An event that capped a weekend-long alumni celebration that attracted 600 alumni back to ArtCenter, last month’s Car Classic—dubbed “Iconic Design: 70 Years of ArtCenter Influence”—brought together several generations of alumni to Hillside Campus to celebrate 70 years of transportation design at the College.
Three panel discussions held throughout the day featured notable alumni who spoke on the history of transportation design at the College, challenges designers face in the industry today, and projections on where the field is headed tomorrow.
Held in the morning on the main field and surrounded by the 100 vehicles on display, the first panel, “Meet the Designers I: ArtCenter Designs of Yesterday,” moderated by Matt Stone, freelance journalist and former editor at Motor Trend Classic, brought together four designers to look back on what ArtCenter meant to them personally and to discuss what gave the College its competitive edge.
The group, whom frequent Car Classic guest Jay Leno referred to as “the council of elders,” both looked back on what they gained personally from the College, and how ArtCenter maintained its competitive edge.
A few highlights:
Ron Hill (BS 1954 Transportation), former head of design at GM and former chair of Transportation Design and Industrial Design at ArtCenter, on the strength of the College:
“Things were quite a bit more remedial and low-key [at ArtCenter] in the ‘50s, but it was a really wonderful era … ArtCenter did a very good job, mainly because of the students. The students compete with one another. They learn from one another. The instructors help and guide, but [ArtCenter] has always been about the students and their facilities, their capabilities and, most of all, their creativity.”
Alum Peter Brock, designer of the Shelby Cobra Daytona Coupe and Corvette XP87 Stingray race car, fought back tears as he recounted how ArtCenter gave him a purpose:
“I came down here and walked in this place, and looked at what was on the walls and knew this was the place … I had no idea what industrial design was. I got out of high school and didn’t know what I wanted to do. I had gone to college for a while, [and] was kind of lost. I came down here [from the San Francisco Bay Area] and found a place. It was the best … Another friend of mine, Larry Shinoda (BS 54 Transportation), we were all hot rod guys, really interested in cars, and we had no idea the design business existed. So I got here … I tell you, if I hadn’t had this school…”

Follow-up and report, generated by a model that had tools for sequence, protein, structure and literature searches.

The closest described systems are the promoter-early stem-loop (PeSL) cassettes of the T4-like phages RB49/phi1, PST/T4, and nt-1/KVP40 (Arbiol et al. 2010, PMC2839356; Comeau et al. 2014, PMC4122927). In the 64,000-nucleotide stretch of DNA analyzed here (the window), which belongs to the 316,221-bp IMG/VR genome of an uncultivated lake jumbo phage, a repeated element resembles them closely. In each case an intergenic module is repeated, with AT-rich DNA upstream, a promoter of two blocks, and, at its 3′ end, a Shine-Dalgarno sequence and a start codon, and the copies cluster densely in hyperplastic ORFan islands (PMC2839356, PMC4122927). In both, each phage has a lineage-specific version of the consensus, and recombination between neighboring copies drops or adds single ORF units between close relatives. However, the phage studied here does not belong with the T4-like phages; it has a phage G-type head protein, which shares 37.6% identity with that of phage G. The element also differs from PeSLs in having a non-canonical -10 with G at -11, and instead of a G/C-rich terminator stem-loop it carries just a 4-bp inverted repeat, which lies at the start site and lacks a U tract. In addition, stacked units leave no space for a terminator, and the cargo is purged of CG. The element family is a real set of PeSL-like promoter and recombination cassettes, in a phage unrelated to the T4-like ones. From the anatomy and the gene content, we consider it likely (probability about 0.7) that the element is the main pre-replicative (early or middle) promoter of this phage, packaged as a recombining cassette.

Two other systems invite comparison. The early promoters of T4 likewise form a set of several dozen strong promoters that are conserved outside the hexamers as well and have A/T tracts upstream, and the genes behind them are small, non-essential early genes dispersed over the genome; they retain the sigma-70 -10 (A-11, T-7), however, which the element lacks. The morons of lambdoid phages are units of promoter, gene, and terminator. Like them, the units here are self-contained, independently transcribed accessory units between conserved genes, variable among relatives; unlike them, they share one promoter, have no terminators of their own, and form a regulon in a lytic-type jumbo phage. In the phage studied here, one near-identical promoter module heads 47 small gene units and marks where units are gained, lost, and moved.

Chuck Pelly (BS 58 Product), former head of Designworks/USA, on learning from Ron Hill:
“They wouldn’t let me in the school because I was too young. So I found out where Ron Hill lived, up the hill, and begged [him to let me] sit in the corner and watch him draw. And he reluctantly allowed me to do that. So by the time they even allowed me to apply at ArtCenter, I had a pretty good portfolio.”
Geza Loczi (BS 65 Product), formerly Volvo’s director of design in the U.S., on learning the fundamentals:
“When I was team teaching here with David O’Connell we used to tell the students, ‘The name of the school outside is ArtCenter College of Design, not ArtCenter College of Sketch or not ArtCenter College of Rendering’ … The design is the essence of everything, but if you can’t do a good sketch or you can’t do a good rendering, you’re not going to get the attention. So you have to have the background of what ArtCenter teaches you, which is the ideation process, [and how] to delineate the forms.”
Shiro Nakamura (BS 81 Transportation), former chief creative officer at Nissan, on inspirational classmates:
“[At ArtCenter], I met great classmates, which was the biggest value for me. As Ron said, it’s [about] inspiring each other, and not only at the school. Everybody graduated [from the] school and we were influencing, inspiring each other even with the distance [between here and] the other side of the ocean. I was always thinking [about] my classmates. What were they doing? What were they thinking? … For me, it became a great benchmark.”
Moderated by Sue Calloway, editorial director at Edelman and former automotive senior editor at Time, the second panel, “Meet the Designers II: ArtCenter Designs of Today,” was held in the early afternoon on the field and focused on the current state of the industry, including major challenges transportation designers face today:
Sangyup Lee (BS 99 Transportation), vice president of Hyundai Styling Group, on the rapid pace of technology:
“We’re dealing with the biggest challenge in the history of car design. Everybody has a smartphone. Smartphones change every two years. [Right now] we’re developing cars which will come out three or four years from now. We think we’re [working] with the latest and greatest technology, but by the time the car comes out, it’s already [using] four- or five-year-old technology. And it’s going to be on the market for another five years.”